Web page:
I am a beginner working to fine-tune/train my first TrOCR model.
It is not clear to me how to properly label ground truth training data for RTL languages?
Supposing I have the following image in Hebrew:
Should my ground truth LABEL be:
In @nielsr Seq2Seq e.g. at https://github.com/NielsRogge/Transformers-Tutorials/blob/master/TrOCR/Fine_tune_TrOCR_on_IAM_Handwriting_Database_using_Seq2SeqTrainer.ipynb, this would be the series labels under the "text’ column pandas df in out
I am using the following for my fine-truning:
model = VisionEncoderDecoderModel.from_encoder_decoder_pretrained(
Would someone guide me on how encoder/decoder transformers work with RTL scripts. cc @NielsR, @Norod78: is there a setting I use to tell a model that the labels are RTL?
hi there, I was working on a project similar to yours (Hebrew trOcr) and in my experience, there is no special setting for RTL, I just used the seq2seq script. by the meantime I’ve succeeded to over fit on few lines, but I’m stuck without a good quality dataset.
if you are interested, I would share my project on GitHub.
Thanks @sivan22. I take it, then, that you are NOT reversing the ground truth data (i.e. “שלום” becoming “םולש”)? How does your model know how to compare ground truth against the image? Does it just read/encode/decode everything LTR, text or image? And what are you getting for CER?
There is a list of Hebrew datasets at GitHub - NNLP-IL/Hebrew-Resources: A comprehensive list of Hebrew NLP resources..
hi @jhhf, as i understand, it is just a sequence of tokens, one after another, that are the result of the model processing the image, so you could read these tokens from right to left if you wish, and the model will just be trained to understand RTL writing.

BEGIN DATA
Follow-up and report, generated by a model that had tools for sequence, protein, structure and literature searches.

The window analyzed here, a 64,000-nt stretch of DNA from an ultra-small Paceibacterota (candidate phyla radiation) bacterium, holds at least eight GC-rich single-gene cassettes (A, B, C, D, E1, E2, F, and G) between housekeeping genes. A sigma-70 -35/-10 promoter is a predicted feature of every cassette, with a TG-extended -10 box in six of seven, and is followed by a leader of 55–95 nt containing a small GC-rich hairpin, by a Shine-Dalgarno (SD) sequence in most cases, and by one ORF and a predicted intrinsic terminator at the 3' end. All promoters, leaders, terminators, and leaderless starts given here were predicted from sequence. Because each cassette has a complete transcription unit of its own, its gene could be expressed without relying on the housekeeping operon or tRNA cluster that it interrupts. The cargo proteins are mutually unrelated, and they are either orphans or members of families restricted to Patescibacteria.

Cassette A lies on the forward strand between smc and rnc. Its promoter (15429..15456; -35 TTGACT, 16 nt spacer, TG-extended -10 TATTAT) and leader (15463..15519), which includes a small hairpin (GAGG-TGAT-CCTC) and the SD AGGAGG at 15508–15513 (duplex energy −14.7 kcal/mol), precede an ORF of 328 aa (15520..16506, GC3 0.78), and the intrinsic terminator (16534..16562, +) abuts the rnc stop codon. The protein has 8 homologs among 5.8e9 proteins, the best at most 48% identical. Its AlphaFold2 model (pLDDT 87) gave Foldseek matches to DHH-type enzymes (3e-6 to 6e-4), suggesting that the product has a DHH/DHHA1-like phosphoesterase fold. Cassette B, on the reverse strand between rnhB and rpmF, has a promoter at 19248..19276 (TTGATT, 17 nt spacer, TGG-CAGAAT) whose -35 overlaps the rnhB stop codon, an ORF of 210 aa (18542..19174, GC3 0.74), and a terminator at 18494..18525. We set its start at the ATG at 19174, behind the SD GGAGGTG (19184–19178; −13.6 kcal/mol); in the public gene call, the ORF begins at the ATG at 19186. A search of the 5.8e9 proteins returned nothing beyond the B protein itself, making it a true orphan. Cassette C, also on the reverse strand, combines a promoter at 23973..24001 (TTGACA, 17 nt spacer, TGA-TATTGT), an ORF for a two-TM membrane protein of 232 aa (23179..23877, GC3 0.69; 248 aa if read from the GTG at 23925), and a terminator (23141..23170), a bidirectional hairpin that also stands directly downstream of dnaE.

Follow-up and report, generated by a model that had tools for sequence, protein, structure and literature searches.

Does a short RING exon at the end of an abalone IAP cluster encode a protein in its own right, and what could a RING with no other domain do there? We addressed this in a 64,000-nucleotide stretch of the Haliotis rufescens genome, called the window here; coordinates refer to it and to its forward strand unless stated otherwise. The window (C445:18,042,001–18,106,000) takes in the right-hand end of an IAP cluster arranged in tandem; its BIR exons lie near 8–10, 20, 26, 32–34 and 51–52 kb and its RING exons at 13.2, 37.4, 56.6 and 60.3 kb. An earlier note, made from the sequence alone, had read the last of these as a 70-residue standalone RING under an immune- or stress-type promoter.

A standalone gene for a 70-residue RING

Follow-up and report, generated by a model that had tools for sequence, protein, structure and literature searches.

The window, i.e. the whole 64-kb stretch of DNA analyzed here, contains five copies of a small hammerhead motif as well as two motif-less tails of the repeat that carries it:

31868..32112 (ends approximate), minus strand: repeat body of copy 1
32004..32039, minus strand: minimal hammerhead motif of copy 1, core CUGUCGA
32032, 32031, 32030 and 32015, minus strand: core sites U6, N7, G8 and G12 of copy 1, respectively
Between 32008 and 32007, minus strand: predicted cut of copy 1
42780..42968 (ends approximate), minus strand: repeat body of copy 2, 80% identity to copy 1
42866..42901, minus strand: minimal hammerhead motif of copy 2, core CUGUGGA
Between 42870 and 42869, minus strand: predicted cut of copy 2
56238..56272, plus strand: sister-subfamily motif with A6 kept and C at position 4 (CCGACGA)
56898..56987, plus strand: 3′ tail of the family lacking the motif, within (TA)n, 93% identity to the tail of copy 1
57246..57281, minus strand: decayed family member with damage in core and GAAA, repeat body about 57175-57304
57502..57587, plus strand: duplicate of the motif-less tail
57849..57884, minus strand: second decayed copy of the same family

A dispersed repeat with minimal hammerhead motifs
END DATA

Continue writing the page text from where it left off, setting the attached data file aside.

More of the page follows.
and you must do it this way, to match the heBert (or any other) model that was pretrained on RTL hebrew, of course.
as i mentioned, I’ve overfitted a very small dataset (5 items) with 0.05 CER just to test that everything works. then i tried a bigger dataset (30k synth by TRDG) and got some poor results (i don’t remember but i think about ~0.7) .
i then read that microsoft traind their TrOCR on 300M lines (!) dataset.
actually I was missing a hebrew handwriting dataset.
Appreciate the help @sivan22. I also used Hebrew synth text from TRDG, and my CER was terrible. Ran a few epochs over several sessions of 100 to 700 images, and best CER in any run was only 0.83. I stuck to serif/sans-serif characters and fairly regular non-nikud fonts, to try to minimize problems. Tried both “avichr/heBERT” (avichr/heBERT · Hugging Face) and “HeNLP/HeRo” (HeNLP/HeRo · Hugging Face) as my tokenizer/decoder with “facebook/deit-base-distilled-patch16-384” as my encoder.
Mostly RTL with a run of LTR output for experimentation.
Any tips would be appreciated.
I’d like to do handwriting, but don’t feel I can move forward until I solve the poor serif/sans-serif CER.
I think that we should try a much bigger dataset and see if it helps.
on the other hand, it might be the LM’s problem, as I know that the Hebrew models cannot be compared to the English ones. in that case we need to wait to a release of a better model.
the good news is that the Israeli government is pushing hard to create a compareble model in Hebrew.
e.g. in the trOCR paper they described using of a lot a pdf files because the pdf format is built in with text and image. but I don’t have a tool to do this extraction.
hi @jhhf I’ve just looked in my w&b report of the last run and found it interesting. here it is:
every jumping on the loss is an epoch. so it looks like an overfitting problem. the val cer is little lower than your report.
Thanks again for your insights @sivan22. I have been trying different tokenizer/decoders as well as different seq2seqtrainer settings and will report back to you when I get some numbers. Did get a 0.63 CER so moving in the right direction!
I’m sorry, this is the right image
Thanks @sivan22. I have managed to get my CER down to 0.28 through increased training and LR adjustment, and will do a parallel test on the dictabert model you suggest. Appreciate that you continue to provide some solutions.